Stefan Schwartz research group
Human papillomavirus (HPV) infections cause more than 500.000 cases of cervical cancer each year in the world (>500 cases in Sweden), and over 250.000 deaths (135 deaths in Sweden). HPV16 is the most common cancer-associated HPV type. The majority of all HPV16 infections is cleared by the host but a fraction persists and may cause cancer. The full life-cycle of HPV16 requires cell proliferation at the early stage, and terminal cell differentiation at the late stage. Two HPV16 proteins termed E1 and E2 hijack the cellular DNA polymerase and use it for synthesis of new viral genomes. They are essential for HPV16 replication. The two HPV proteins E6 and E7 stimulate cell division and prevent apoptosis to ensure a continued supply of cellular DNA polymerase for HPV replication. As the levels of E2 reach a certain threshold, E2 shuts down the early promoter producing E6 and E7 mRNAs. As E6 and E7 levels decrease, the cells re-enter the differentiation program and differentiate terminally, a process that activate HPv16 late gene expression and the production of progeny virus. If HPV16-infected cells get stuck in the early stage of the HPV16 life-cycle with continuous E6 and E7 expression and a failure to shut down cell mitosis, these cells may acquire mutations that together with E6 and E7 drive the HPV16-infected cells toward cancer. E6 and E7 are the only HPV16 proteins needed to initiate the pathway to cancer and to uphold it. HPV16 makes extensive use of the cellular splicing machinery to generate different alternatively spliced and polyadenylated HPV16 mRNAs. For example, E1 and E2 are produced from two alternatively spliced RNAs generated in a mutually exclusive manner, and so are E6 and E7. The splicing balance is a delicate one and the smallest perturbation may greatly affect the HPV16 gene expression program. mRNA splicing is controlled by cis-acting RNA element and trans-acting factors. We are identifying the HPV16 RNA elements and the cellular RNA-binding proteins that interact with these RNA sequences and control HPV16 mRNA splicing. In addition, the HPV16 infection itself may alter expression of the cellular RNA-binding proteins for its own purpose. The regulation of E6 and E7 expression is of particular interest since they are viral oncogenes that are needed for transformation of the HPV16 infected cells to cancer cells, whereas E1 and E2 are of interest as essential HPV replication factors. Cellular factors that control HPV16 E1- and E2- or E6- and E7- mRNA splicing and expression, are potential targets for antiviral/anticancer therapy and/or as predictive biomarkers for disease or treatment outcome.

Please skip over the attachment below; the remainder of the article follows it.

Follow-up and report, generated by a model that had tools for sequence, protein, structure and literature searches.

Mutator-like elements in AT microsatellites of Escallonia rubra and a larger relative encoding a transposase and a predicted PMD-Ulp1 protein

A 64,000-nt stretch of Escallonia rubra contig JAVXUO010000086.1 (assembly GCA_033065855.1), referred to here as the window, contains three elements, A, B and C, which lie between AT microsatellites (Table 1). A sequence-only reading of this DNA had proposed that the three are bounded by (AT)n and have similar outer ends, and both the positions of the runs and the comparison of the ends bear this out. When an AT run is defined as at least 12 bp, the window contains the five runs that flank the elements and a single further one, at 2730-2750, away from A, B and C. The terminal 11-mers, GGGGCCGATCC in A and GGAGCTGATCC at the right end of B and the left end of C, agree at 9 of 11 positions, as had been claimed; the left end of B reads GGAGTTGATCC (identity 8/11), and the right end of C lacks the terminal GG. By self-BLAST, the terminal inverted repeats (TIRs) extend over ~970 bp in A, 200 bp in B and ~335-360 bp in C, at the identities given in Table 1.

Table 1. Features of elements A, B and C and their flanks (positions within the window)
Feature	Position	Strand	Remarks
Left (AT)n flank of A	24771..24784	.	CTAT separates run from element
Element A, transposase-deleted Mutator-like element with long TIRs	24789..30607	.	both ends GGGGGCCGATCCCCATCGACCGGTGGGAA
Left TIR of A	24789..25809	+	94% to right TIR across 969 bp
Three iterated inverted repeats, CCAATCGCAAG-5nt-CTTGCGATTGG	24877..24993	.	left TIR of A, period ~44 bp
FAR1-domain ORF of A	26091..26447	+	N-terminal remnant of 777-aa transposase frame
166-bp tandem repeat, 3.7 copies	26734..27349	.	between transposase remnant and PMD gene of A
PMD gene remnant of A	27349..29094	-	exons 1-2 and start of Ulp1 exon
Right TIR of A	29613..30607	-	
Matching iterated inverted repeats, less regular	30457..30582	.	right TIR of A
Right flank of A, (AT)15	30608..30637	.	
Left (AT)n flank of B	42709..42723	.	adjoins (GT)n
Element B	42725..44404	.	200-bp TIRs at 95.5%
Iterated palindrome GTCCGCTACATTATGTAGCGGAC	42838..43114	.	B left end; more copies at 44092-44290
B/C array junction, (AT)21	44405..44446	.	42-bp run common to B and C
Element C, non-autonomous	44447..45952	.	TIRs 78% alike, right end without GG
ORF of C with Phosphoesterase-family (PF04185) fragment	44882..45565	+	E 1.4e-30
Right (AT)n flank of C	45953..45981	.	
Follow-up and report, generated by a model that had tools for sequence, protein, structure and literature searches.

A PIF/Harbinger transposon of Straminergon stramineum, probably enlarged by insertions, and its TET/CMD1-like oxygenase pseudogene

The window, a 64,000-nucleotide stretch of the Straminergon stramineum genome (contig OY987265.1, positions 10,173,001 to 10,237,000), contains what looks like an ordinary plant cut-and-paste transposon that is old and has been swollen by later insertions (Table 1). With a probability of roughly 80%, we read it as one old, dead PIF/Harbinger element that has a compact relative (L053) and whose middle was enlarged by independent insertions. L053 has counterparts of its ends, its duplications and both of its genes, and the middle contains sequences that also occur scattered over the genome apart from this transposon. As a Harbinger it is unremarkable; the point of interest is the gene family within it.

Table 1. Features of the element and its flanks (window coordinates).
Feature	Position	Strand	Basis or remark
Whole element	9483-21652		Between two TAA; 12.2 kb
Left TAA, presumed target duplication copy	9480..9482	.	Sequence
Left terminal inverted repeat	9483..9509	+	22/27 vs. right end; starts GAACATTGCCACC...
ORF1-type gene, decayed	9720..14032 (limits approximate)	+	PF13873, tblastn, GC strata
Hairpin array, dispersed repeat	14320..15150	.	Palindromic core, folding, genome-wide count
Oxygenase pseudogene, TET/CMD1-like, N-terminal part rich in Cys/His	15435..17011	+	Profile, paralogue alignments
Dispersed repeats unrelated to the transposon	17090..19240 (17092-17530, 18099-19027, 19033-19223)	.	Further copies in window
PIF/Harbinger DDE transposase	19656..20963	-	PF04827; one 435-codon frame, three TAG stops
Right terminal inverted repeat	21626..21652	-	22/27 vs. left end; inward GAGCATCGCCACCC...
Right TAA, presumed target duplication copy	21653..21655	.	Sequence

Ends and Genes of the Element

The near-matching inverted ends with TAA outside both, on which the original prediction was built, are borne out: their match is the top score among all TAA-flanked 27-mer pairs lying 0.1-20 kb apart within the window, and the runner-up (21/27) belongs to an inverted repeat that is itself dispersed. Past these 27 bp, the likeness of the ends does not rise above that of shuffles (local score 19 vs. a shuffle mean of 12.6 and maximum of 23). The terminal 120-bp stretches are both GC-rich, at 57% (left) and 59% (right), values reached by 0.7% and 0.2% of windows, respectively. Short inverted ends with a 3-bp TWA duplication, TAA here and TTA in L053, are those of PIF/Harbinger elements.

For a recent summary of papillomavirus gene regulation and RNA processing, including our own results, please have a look at the following review article:
Naoko Kajitani and Stefan Schwartz. The role of RNA-binding proteins in the processing of mRNAs produced by carcinogenic papillomaviruses. Semin Cancer Biol. 2022. doi: 10.1016/j.semcancer.2022.02.014.